Confirming Antibody-Based Drugs | Chemical & Engineering News
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Web Date: August 12, 2014

Confirming Antibody-Based Drugs

ACS Meeting News: Measuring disulfide pattern via collision induced unfolding, ion mobility, could lead to new tool for quality control
Department: Science & Technology
News Channels: Analytical SCENE
Keywords: Antibody, ion mobility, mass spectrometry, disulfide bonds, ACS meeting

Antibody-based drugs to fight cancer, viral diseases such as Ebola, and many other serious health threats are on the rise. Because subtle structural changes can alter their specificity, there’s a need for analytical methods that ensure that antibody-based drugs have the desired structure.

A new way to characterize the disulfide bonds that hold antibodies together could help fill that need, reported Brandon T. Ruotolo of the University of Michigan, Ann Arbor, at the American Chemical Society national meeting this week in San Francisco. He described the method, which relies on collision-induced unfolding and ion mobility spectroscopy, in a symposium sponsored by the Division of Analytical Chemistry.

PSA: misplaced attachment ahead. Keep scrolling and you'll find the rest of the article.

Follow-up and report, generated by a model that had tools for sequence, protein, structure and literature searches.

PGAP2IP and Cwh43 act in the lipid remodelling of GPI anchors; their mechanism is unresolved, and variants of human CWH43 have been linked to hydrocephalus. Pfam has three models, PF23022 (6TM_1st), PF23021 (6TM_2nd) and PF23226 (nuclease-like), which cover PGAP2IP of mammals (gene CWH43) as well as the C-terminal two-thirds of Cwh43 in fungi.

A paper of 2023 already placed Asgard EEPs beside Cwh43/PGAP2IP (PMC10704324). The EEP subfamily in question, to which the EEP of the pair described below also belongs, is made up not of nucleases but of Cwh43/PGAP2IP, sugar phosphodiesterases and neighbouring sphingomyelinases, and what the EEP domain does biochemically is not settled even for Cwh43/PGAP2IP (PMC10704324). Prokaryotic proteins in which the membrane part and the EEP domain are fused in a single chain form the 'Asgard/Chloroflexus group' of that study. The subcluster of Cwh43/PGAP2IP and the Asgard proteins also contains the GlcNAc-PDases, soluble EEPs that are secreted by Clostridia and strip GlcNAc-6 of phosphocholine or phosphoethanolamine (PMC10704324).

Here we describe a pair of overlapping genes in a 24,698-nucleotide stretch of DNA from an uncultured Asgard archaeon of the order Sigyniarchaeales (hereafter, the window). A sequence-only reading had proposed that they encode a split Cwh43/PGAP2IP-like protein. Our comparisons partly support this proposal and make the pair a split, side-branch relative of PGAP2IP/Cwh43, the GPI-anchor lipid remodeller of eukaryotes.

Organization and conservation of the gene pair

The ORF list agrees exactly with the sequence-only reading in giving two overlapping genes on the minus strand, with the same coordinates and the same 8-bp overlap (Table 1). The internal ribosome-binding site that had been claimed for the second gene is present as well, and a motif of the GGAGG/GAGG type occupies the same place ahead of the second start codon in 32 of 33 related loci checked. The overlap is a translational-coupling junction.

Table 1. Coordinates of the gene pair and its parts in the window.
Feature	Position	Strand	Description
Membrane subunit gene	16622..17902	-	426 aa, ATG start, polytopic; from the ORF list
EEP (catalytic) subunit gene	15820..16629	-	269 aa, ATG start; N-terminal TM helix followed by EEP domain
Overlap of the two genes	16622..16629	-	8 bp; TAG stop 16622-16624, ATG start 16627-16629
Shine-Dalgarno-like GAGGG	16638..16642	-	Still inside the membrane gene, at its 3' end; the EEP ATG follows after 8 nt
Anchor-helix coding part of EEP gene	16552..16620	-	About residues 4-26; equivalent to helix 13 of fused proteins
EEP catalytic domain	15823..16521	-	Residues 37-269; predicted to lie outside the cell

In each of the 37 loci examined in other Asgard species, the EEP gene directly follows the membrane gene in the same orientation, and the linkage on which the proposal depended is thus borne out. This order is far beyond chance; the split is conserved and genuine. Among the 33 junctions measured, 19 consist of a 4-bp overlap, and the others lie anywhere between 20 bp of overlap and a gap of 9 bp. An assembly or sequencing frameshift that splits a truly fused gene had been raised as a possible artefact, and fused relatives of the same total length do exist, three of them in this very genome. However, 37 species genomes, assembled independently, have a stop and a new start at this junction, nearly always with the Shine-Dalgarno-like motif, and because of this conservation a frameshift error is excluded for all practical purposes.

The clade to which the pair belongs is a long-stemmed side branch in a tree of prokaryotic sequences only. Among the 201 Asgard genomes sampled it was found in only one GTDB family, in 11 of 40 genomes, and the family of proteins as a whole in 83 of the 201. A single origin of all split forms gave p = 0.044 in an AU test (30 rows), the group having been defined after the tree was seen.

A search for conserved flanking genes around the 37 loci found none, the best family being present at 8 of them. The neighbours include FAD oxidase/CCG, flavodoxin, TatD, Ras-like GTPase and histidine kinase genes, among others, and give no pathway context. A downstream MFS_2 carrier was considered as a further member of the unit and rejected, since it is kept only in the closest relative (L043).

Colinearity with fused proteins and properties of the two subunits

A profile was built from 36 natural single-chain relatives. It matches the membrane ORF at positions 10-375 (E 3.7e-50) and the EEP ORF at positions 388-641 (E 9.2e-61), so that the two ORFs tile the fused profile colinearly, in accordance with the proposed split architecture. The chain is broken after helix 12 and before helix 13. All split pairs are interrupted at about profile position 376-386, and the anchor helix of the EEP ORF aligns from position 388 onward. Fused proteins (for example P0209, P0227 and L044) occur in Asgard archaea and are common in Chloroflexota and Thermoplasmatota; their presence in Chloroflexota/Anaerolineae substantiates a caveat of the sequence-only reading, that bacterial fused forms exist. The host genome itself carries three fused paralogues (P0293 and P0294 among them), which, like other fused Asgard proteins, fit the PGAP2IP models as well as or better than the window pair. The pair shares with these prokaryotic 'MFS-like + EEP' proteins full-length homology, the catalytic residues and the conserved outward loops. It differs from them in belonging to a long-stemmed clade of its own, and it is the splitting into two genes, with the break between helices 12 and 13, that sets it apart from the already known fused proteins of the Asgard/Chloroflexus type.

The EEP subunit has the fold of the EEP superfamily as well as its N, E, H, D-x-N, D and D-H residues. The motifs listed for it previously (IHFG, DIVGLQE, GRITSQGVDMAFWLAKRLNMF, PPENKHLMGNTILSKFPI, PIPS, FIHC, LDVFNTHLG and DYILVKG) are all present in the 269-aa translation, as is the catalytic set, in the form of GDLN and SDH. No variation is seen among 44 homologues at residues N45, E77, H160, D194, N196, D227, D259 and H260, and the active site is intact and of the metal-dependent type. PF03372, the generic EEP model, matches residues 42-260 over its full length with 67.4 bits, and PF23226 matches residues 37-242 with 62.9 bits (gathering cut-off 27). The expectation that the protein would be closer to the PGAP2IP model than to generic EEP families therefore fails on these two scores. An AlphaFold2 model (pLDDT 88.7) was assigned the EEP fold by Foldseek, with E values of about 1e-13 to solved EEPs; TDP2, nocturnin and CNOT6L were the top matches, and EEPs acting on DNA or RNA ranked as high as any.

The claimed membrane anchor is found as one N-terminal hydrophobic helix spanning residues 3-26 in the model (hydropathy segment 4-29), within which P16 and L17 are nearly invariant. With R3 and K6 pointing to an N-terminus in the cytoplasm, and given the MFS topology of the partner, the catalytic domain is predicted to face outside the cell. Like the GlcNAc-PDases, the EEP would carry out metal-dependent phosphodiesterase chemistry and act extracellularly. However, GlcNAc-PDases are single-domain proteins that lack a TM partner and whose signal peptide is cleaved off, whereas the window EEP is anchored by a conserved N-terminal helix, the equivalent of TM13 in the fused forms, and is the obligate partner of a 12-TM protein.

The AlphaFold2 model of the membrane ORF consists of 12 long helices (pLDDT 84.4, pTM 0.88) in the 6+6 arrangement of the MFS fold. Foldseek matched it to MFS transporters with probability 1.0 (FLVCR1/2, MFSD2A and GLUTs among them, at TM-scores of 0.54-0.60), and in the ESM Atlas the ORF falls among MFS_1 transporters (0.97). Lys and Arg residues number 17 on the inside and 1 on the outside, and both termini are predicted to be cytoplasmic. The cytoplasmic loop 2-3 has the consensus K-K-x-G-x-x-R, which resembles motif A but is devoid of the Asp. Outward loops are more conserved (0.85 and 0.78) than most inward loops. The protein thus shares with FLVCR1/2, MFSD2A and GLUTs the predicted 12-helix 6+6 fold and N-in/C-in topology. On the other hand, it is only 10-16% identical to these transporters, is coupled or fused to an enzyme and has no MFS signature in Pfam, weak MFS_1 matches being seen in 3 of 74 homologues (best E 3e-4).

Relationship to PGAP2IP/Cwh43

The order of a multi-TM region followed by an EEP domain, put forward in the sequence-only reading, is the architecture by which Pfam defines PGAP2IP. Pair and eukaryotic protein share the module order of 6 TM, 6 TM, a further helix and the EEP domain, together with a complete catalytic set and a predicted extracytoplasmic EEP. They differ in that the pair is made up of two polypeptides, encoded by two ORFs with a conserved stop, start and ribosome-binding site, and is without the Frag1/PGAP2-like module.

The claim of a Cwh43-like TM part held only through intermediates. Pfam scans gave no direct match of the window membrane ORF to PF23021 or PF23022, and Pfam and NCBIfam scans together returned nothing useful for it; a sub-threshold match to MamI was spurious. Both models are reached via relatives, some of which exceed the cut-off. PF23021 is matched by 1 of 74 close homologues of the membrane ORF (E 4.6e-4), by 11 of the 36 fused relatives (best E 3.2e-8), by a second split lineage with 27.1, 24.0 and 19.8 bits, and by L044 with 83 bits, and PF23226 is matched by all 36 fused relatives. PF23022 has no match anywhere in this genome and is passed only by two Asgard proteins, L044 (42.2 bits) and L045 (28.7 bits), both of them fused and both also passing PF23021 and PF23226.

In the method, Ruotolo and his coworkers select an individual charge state of a gas-phase antibody and heat it via gas-phase collisions, which cause it to unfold. They measure the size of the unfolded states with ion mobility.

By measuring the unfolding products as a function of the collisional heating, they can track the unfolding trajectory for the intact antibody. The number and size of the unfolded species form a fingerprint that is unique to the original isolated ion. By comparing the gas-phase unfolding for an analyte antibody to that of a reference antibody, they can quickly determine whether they match. Such a method could be used as a quality-control tool to make sure that an antibody drug has the correct structure.

The unfolding method is “clever and could be developed as a useful tool for the biopharm industry,” said Joseph A. Loo, a biochemistry professor and mass spectrometrist at the University of California, Los Angeles. “But in order for it to be truly useful, the method needs to have the structural resolution to discern all of the possibilities in the disulfide patterns.”

Ruotolo acknowledges that the method, while promising, still struggles with determining the position of disulfide bonds. For that, “you probably still have to resort to a more classical sequencing approach,” he told C&EN.

Ruotolo hopes to convince biopharmaceutical companies to help test the method. He is currently involved in a collaboration with Amgen to see if collision-induced unfolding coupled with ion mobility/mass spectrometry can differentiate mixed populations of properly folded Y-shaped antibodies and improperly folded T-shaped ones.

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